Rocio and her Mole de los Dioses
I’ve got to admit something: I’m not the biggest fan of mole. I know, I know — gasp, veto my Mexican credentials, set up a bucket over my doorway and let the chocolate sauce flow as I walk through; do what you will. I’ve just never really been into the idea of chocolate-flavored goodness on my chicken, beef or anything. The sweet effect throws me off.
But, since they opened in January, I’ve been begging someone to join me at the acclaimed Rocio’s Mole de Los Dioses in Sun Valley. I knew I had to embrace the mole fever, but I needed an objective head to help me judge the supposedly god-like stuff. Kristy Sandoval, poor soul, joined me under the guise of a Paint the Cure team meeting. We talked business, but more importantly, got down to some grubbing business. Five-mole sampler? Oh, yes.
With the menu so expansive and the mole so famous, Kristy and I opted for an appetizer that would let us try five different types. We went for the original mole de los dioses, oaxaqueño, verde, tequila con limon, and cafe. Kristy and I both agreed that the mole de los dioses was a favorite; it tasted like it had hints of canela even though one of the key ingredients is cuitlacoche, a fungus that grows on corn plants. Definitely the perfect balance between smoky and sweet.
Kristy was also a big fan of the oaxaqueño, which packs a deep flavor with more than 30 ingredients. It was too rich for my blood, but it’s something I can eventually appreciate as I grow used to the idea of eating mole regularly. The mole verde (serrano peppers and green tomatoes) was another winner and I personally thought the mole de cafe, made with coffee beans, was complex and interesting enough to keep my cactus tortilla dipping.
Between the soft (and green!) tortillas and my amazing horchata (there are no words), I was already feeling full. But the main course was just arriving. I ordered the cochinita pibil, a slow-roasted pork dish from the Yucatan region that’s traditionally soaked in delightfully sour orange juice. Kristy ordered the diosa afrodita, shrimp in a spicy green sauce served with fruit.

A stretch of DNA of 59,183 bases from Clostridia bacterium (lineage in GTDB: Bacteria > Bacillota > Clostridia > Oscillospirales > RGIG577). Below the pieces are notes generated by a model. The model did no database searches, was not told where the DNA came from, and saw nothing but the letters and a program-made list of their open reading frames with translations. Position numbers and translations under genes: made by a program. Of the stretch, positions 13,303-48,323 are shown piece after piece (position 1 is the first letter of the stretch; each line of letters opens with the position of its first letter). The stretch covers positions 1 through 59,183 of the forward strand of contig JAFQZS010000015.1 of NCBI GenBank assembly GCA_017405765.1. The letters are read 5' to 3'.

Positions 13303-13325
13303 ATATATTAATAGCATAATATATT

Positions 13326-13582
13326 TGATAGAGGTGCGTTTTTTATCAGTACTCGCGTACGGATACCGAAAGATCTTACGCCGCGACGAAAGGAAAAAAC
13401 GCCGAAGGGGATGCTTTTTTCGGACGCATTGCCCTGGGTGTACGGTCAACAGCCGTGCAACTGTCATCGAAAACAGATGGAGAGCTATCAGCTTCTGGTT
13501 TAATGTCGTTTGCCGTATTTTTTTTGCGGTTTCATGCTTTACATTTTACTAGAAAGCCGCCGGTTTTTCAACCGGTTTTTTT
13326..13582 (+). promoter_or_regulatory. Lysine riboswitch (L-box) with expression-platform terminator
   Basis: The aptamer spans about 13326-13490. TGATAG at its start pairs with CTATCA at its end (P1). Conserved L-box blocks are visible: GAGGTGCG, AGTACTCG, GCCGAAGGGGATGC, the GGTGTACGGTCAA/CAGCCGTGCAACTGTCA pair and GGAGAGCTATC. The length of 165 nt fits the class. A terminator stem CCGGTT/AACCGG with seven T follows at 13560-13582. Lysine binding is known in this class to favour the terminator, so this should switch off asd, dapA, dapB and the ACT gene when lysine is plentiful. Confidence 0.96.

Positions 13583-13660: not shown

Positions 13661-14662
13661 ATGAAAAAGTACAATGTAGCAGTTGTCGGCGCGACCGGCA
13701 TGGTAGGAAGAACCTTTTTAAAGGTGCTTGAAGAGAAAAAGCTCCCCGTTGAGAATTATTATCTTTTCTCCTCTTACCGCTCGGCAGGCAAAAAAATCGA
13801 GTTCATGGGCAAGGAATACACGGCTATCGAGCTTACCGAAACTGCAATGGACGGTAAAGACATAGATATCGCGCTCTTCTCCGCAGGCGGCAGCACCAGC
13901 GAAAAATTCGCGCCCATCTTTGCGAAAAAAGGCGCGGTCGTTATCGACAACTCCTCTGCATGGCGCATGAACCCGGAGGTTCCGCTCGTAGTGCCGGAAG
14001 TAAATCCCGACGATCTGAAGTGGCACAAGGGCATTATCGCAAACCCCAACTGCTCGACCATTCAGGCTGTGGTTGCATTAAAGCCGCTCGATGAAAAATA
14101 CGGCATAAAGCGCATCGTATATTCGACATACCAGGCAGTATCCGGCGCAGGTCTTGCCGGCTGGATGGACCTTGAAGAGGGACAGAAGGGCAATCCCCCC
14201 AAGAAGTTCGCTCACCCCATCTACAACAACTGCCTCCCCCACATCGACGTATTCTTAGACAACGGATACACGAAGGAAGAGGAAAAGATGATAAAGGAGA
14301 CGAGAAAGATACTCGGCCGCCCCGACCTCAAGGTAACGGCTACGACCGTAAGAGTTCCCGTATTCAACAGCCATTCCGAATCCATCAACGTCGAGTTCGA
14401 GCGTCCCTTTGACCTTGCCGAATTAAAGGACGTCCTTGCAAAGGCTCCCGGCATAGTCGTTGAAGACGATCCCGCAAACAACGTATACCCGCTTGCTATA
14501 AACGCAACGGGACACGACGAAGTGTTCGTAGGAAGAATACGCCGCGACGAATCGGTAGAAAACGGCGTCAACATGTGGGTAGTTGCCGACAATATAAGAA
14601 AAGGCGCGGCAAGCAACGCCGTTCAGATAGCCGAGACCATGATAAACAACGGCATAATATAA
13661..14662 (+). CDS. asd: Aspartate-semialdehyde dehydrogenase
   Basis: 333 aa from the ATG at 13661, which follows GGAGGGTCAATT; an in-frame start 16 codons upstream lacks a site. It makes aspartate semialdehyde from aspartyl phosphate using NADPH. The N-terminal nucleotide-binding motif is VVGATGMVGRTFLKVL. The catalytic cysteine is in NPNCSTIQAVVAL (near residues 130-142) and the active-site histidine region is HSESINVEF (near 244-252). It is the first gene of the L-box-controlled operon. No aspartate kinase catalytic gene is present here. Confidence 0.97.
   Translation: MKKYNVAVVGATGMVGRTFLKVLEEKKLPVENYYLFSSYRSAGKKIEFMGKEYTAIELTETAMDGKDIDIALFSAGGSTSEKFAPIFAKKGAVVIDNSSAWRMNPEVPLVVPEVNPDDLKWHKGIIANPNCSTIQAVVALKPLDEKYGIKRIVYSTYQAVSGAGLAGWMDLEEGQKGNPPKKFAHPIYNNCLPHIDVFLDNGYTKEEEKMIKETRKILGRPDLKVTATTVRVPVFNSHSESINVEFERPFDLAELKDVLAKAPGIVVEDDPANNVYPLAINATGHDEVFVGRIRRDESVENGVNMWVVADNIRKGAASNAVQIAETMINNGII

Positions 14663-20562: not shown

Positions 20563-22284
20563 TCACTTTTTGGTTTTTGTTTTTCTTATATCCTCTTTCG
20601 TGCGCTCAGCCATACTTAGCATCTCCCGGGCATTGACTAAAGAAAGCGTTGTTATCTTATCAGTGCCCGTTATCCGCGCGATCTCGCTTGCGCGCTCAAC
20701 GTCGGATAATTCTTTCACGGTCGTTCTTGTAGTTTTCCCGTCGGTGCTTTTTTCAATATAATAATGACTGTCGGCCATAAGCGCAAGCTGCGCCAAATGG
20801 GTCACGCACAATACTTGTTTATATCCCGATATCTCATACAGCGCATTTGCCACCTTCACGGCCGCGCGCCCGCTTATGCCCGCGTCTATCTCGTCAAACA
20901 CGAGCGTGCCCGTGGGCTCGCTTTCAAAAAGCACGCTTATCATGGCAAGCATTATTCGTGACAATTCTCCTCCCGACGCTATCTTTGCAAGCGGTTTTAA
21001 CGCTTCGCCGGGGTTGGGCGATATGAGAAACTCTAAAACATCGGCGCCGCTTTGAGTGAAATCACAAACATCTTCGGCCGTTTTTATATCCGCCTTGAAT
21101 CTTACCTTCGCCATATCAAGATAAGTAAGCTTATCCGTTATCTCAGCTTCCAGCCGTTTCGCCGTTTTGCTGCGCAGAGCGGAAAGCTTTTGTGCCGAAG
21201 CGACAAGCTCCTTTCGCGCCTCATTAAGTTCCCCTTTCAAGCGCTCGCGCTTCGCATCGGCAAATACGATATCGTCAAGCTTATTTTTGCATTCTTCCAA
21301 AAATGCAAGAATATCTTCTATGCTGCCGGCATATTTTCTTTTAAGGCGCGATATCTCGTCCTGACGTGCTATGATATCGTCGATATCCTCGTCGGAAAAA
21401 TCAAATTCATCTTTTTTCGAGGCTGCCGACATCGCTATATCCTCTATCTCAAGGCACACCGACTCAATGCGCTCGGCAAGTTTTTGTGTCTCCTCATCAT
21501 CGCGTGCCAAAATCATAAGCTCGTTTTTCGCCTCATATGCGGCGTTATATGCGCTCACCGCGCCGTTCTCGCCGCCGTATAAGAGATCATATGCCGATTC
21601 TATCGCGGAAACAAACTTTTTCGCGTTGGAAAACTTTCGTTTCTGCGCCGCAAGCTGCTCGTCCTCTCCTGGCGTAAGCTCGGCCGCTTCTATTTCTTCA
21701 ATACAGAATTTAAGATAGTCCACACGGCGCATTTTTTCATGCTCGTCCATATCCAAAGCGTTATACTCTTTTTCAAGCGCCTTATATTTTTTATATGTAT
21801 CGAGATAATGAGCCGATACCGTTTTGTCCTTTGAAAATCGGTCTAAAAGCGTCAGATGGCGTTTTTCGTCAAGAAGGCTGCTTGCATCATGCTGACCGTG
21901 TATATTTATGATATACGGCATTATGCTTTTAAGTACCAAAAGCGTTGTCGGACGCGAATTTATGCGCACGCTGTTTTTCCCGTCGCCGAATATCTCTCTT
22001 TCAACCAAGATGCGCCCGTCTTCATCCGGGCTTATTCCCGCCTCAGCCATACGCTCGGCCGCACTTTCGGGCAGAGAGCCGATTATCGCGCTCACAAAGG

The chochinta was a hard sell for me because I’ve had it homemade from a Yucatan native, but it was still tasty and the plate was worth ordering for the frijoles alone. Kristy’s dish blew me away, probably because I’m a sucker for anything drenched in chile and limón (get out of here when you throw pepino in the mix). It wasn’t just my predisposition for spicy and sour, though, because the shrimp was incredibly fresh and supple. Plus, the dish was presented beautifully with an avocado flower atop the concoction.
All in all, I left Rocio’s with a new outlook. Perhaps I just needed to try a new kind of mole or maybe the gods had something to do with it. Regardless, I don’t think I’ll complain if you go ahead and place that bucket above my doorway. Just make sure it’s filled with mole from Rocio’s.
What: Rocio’s Mole de los Dioses
Where: 8255 Sunland Blvd., Sun Valley, right off the 5 freeway
Hours: Monday-Thursday, 11 a.m.-3 p.m. and 5 p.m.-9 p.m., Friday-Saturday, 11 a.m.-10 p.m. and Sunday, 11 a.m.-9 p.m.
Try: The mole sampler, mole de los dioses, diosa afrodita and the horchata.
Rating: *****5/5 stars on the standard scale, ***** 5/5 stars on the “hood good” scale
More information: (818) 252-6415, rociosmoledelosdioses.com.